What is the value in stakeholder workshops?

Numiko facilitates workshops in many of our projects to enable stakeholders of an organisation, both internal and external, to collaborate together. We have supported clients with workshops including:

  • Creating a common vision
  • Defining Business requirements
  • Gathering insight
  • Generating ideas
  • Website design

They require time and care to design and deliver well, organising the diaries of those invited can attend is a mean feat in itself! So why do we recommend them?

Why consider running a workshop?

People are replacing products as the competitive advantage for business, because of what they know and what their networks know. The value of ‘social capital’ is not new, it’s the actual realisation of the benefits of it that’s the gear shift.

We can thank the emergence of social networks both as facilitators and news platforms for this change. Not only are we seeing the fruits of collaboration’s labour more transparently, people now expect participation.

But why collaborate in the first place? What is gained by drawing on a network of knowledge? Because in the knowledge economy it’s less about what you know, than who you know:

Collective intelligence refers to a situation where nobody knows everything, everyone knows something, and what any given member knows is accessible to any other member upon request on an ad hoc basis. Henry Jenkins

Businesses and organisations always have knotty challenges to face, not least how to present themselves to the wider world in marketing and communications. By working together to tackle such challenges the reward can be surprising and innovative ideas and strong stake holder buy-in.

Innovation is born out of conflict (easier with at least two in the room, surely?) and ownership of something, or autonomy, has long been recognised as one of the key factors to motivating a team in today’s workplace. But when it comes to how we feel about the ideas we generate we can go further to explain.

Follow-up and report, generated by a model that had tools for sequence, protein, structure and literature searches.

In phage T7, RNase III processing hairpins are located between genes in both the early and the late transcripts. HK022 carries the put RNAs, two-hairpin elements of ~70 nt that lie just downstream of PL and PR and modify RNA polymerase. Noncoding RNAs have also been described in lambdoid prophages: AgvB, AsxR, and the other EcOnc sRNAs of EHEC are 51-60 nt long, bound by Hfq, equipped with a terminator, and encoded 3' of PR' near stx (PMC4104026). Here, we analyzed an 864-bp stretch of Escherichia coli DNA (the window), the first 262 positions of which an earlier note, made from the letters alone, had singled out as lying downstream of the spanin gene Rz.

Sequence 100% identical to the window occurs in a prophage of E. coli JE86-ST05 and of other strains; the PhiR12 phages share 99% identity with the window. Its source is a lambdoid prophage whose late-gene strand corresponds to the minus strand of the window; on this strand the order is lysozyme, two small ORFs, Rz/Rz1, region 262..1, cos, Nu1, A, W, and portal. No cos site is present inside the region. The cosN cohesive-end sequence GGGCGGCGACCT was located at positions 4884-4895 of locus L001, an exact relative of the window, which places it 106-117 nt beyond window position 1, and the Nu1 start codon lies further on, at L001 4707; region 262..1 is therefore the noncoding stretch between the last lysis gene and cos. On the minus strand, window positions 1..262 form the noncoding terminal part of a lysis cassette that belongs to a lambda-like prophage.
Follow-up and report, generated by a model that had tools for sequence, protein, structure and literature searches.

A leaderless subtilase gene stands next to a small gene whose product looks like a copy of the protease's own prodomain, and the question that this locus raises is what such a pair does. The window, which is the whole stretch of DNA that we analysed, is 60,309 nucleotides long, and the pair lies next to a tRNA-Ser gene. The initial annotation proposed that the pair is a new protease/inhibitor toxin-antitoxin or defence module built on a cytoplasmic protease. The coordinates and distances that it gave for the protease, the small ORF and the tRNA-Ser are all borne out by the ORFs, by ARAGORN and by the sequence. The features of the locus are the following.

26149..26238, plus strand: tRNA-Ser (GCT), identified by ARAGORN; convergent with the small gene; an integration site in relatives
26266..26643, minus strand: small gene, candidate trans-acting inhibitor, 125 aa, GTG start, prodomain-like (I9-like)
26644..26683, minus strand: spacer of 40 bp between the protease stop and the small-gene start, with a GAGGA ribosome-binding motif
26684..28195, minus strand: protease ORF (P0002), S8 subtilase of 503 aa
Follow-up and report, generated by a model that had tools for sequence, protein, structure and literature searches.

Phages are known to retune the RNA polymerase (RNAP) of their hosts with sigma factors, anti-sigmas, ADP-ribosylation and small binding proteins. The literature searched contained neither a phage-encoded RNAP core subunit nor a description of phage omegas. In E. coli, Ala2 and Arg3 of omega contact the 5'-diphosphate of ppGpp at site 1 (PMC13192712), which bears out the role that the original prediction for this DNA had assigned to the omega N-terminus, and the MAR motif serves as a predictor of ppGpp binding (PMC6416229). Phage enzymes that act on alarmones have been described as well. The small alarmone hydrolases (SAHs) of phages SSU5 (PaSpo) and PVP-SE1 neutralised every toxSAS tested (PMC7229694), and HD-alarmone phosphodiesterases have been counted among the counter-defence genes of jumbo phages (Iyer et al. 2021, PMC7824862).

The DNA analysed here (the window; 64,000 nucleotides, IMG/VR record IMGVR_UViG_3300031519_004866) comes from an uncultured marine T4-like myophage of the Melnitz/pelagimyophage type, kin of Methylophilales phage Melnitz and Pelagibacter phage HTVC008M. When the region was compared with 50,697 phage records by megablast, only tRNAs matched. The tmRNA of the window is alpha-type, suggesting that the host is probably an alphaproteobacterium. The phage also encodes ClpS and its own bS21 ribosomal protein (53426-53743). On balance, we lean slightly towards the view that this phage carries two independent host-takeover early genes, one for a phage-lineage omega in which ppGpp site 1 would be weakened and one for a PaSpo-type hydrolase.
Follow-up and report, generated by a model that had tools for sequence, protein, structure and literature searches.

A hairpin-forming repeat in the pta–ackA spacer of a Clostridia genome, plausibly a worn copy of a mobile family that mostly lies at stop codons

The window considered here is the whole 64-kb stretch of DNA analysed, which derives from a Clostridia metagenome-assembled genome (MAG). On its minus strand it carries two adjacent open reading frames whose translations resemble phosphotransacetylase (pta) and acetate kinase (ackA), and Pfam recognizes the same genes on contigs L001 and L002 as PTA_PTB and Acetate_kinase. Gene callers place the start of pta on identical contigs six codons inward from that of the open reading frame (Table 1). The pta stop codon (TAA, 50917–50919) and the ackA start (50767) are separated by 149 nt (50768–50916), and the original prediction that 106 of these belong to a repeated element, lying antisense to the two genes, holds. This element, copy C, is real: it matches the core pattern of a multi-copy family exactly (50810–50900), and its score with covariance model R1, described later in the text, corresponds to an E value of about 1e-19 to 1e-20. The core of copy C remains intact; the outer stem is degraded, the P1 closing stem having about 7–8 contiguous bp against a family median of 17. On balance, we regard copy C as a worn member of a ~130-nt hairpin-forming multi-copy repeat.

Defined following experiments by clever people at Harvard and Yale, the Ikea Effect describes the bias people place on things or ideas the played a part in creating. Essentially if you put a significant measure of effort into creating something you are more likely to place a higher value on it than something you put little or no effort in. And that’s even if the outcome is a falling down Ikea wardrobe, which is only propped up by its place in the corner (for the Ikea Effect on TedTalks click here).

The flip-side, has been described as Not Invented Here syndrome, when managers disregard good ideas developed by someone else, in favour of possibly inferior ideas they’ve thought of themselves. The first secret to success? Ensure those who will be delivering on the outcome of the workshop are in the room when you generate ideas but the process is inclusive enough for everyone to feel ownership of the output.

What stakeholder workshops are not:

A spectator sport

Attendees should be prepared to roll their sleeves up and get involved. There will be individual and group exercises on the journey to solutions and a good facilitator will ensure everyone has a say – not just ‘the usual ones’.

Ruling by committee

Workshops aren’t about everyone agreeing in a committee meeting style. In fact it’s generally a more productive session if there are opposing ideas! The ownership of the output will always be with the challenge owner.

Focus groups

Workshops tend to host attendees with a vested interest, whereas those attending focus groups often have been offered an incentive. Workshop design includes diverging and converging techniques guided by a facilitator to reach a conclusion, it is the conclusion that counts for follow up work afterwards. Focus groups are usually led by the attendees’ discussion providing lots of ‘raw data’ for analysts to process afterwards.